- NOCQUET Dany - L’Egypte, une autre terre de salut ? Une lecture de Gn 45,1-46,7
- DANZ Christian - Le royaume de Dieu, but de l’histoire. L’eschatologie comme réflexion sur l’histoire chez Paul Tillich
- HAIGIS Peter - La mort : un kairos ?
- ARNOLD Matthieu - Albert Schweitzer et la vie de Jésus. La place de la Geschichte der Leben-Jesu-Forschung dans son oeuvre théologique et humanitaire
- KOEHL Hélène - Suzanne subversive à son corps défendant. Quand le jeune s’oppose à l’Institution
- REYMOND Bernard - Henri de Geymüller (1839-1909) et le « style chrétien par excellence »
Egypt generally appears as extremely negative in the Hebrew Bible: a land of oppression and distress. In this essay, Dany Nocquet shows that some texts moderate or even deny this image (i.e., Isaiah and the story of Joseph in Genesis). A narrative approach of Gen. 45:1-46:7 highlights the fact that Egypt is a new « Promised Land » for Jacob’s family, a haven at a time of threatening famine. Historically, the story in Gen. 45:1-46:7 should be read first as a counter-project to Exodus and another way of understanding the Exile. This story by giving a legitimate status to the situation of the Jewish community in Egypt both testifies to a universal and dispersed Judaism and challenges a certain Judean centralism.
Christian Danz analyses Tillich’s conception of eschatology and its relation to the creation and to history in his early works as well as in his later writings especially his Systematic Theology. Tillich’s conception of eschatology is based on the philosophy of history he had worked out in the 20th century when dealing with Ernst Troeltsch. It turns out, that for Tillich the symbol « Kingdom of God » is both a reflection and an interpretation of history.
Is it possible to construe death by using the concept of kairos as Tillich did, i.e., as a concept referring to a collective eschatology rather than to an individual one ? Peter Haigis argues that, seen from an ontological and theological point of view, death can be understood as a kairos par excellence, namely as a crossing point between temporal reality and eternity.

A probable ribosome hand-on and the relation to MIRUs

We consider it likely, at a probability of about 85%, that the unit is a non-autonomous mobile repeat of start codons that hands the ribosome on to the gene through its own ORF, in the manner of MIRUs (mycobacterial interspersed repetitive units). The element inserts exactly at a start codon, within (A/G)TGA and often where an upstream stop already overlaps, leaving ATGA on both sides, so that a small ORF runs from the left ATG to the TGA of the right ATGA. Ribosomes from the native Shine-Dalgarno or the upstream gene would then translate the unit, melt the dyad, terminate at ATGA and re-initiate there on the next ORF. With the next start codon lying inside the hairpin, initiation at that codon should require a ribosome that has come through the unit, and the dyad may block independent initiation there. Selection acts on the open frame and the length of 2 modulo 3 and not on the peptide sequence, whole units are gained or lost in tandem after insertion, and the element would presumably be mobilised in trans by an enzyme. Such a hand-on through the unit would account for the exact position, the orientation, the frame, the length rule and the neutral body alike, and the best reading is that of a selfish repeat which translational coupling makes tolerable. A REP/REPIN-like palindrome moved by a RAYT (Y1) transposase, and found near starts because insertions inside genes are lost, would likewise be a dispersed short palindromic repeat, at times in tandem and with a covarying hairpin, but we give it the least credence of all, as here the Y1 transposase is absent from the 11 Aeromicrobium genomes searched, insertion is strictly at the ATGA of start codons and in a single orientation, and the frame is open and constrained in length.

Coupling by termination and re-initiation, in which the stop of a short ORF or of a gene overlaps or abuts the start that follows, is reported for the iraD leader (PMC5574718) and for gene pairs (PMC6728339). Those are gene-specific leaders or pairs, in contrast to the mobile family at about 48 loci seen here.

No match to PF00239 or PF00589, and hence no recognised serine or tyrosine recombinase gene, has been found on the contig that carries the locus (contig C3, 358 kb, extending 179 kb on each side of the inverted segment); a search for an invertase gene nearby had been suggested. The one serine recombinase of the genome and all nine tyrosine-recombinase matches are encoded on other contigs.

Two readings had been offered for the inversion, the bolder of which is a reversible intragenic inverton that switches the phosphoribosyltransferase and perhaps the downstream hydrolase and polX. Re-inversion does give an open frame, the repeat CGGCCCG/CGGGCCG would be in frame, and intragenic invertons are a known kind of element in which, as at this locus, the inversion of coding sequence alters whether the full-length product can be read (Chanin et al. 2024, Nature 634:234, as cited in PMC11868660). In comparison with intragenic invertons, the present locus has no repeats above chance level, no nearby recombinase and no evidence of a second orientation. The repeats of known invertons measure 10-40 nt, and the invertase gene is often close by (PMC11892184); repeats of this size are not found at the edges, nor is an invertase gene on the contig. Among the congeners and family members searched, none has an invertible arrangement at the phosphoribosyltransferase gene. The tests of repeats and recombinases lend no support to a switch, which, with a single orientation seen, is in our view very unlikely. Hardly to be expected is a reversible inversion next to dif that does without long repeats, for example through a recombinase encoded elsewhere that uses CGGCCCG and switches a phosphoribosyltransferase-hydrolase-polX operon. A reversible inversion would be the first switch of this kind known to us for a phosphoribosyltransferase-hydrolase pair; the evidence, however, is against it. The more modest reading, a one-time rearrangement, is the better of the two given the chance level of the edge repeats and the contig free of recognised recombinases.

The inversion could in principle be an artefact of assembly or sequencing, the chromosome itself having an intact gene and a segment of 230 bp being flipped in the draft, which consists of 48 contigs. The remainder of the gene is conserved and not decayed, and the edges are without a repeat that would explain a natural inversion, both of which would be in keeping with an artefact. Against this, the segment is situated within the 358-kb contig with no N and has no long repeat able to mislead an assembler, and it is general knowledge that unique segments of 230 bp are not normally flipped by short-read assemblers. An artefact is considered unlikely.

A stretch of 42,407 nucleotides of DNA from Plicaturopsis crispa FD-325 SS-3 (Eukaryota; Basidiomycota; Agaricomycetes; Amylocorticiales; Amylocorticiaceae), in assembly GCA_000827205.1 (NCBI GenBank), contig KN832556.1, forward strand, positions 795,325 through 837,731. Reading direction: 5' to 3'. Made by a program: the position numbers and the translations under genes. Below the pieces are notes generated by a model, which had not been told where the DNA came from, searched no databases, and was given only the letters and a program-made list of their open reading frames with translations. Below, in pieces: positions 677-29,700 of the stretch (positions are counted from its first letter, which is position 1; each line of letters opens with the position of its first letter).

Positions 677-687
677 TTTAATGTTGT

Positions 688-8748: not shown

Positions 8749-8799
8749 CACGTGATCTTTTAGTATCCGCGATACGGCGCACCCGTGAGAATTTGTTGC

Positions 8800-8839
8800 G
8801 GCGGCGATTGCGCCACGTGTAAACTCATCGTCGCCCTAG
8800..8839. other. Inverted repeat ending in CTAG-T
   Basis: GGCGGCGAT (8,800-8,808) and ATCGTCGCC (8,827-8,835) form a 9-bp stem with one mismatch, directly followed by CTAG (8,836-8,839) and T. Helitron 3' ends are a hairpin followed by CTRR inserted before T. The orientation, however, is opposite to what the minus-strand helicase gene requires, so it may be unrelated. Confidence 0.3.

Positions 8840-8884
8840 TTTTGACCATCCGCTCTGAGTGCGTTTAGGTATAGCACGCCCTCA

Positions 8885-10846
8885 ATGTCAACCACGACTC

Matthieu Arnold’s essay shows how important the figure of Jesus has been in Albert Schweitzer’s life. Referring to documents such as letters to his wife-to-be Hélène Breslau, it examines the building up of the Geschichte der Leben-Jesu-Forschung between 1901 and 1905 as well as its echoes in Schweitzer’s autobiographic writings, and argues that his work as a physician in Lambaréné is a patent result of his decision to obey the words Jesus addressed to his disciples: « Come and follow me ».
Tradition and iconographic convention both assume that the two prosecutors of Susanna were old men. How was this issue of age addressed in the original version of the story? The oldest witness known to this day is the Greek version in the Septuagint. Yet Hélène Koehl claims in this essay that the contrast between Daniel’s youth and the two iniquitous judges’ respectable age was a secondary issue in the original midrash, a classic text of Jewish intertestamentary literature. Its real function could very well be a denouncing of institution as the only legitimate authority.
Henry de Geymüller, a committed Protestant, was known for his discovery of Bramante’s initial plans for St. Peter’s basilica in Vatican City, but also for his writings about the history of architecture, especially the architecture of Renaissance in France. The posthumous publication of Architektur und Religion reveals the importance of Providence in his vision of the history of architecture. Bernanrd Reymond argues that while he interprets this history as leading to Bramante’s art as its highest achievement, Geymüller makes his case in a rather distinctively Protestant way.
Notes et chroniques
- NOCQUET Dany - Judah and the Judeans in the Persian Period (O. Lipschits, M. Oeming, éd.) et Judah and the Judeans in the Fourth Century B.C.E. (O. Lipschits, G. Knoppers, R. Albertz, éd.)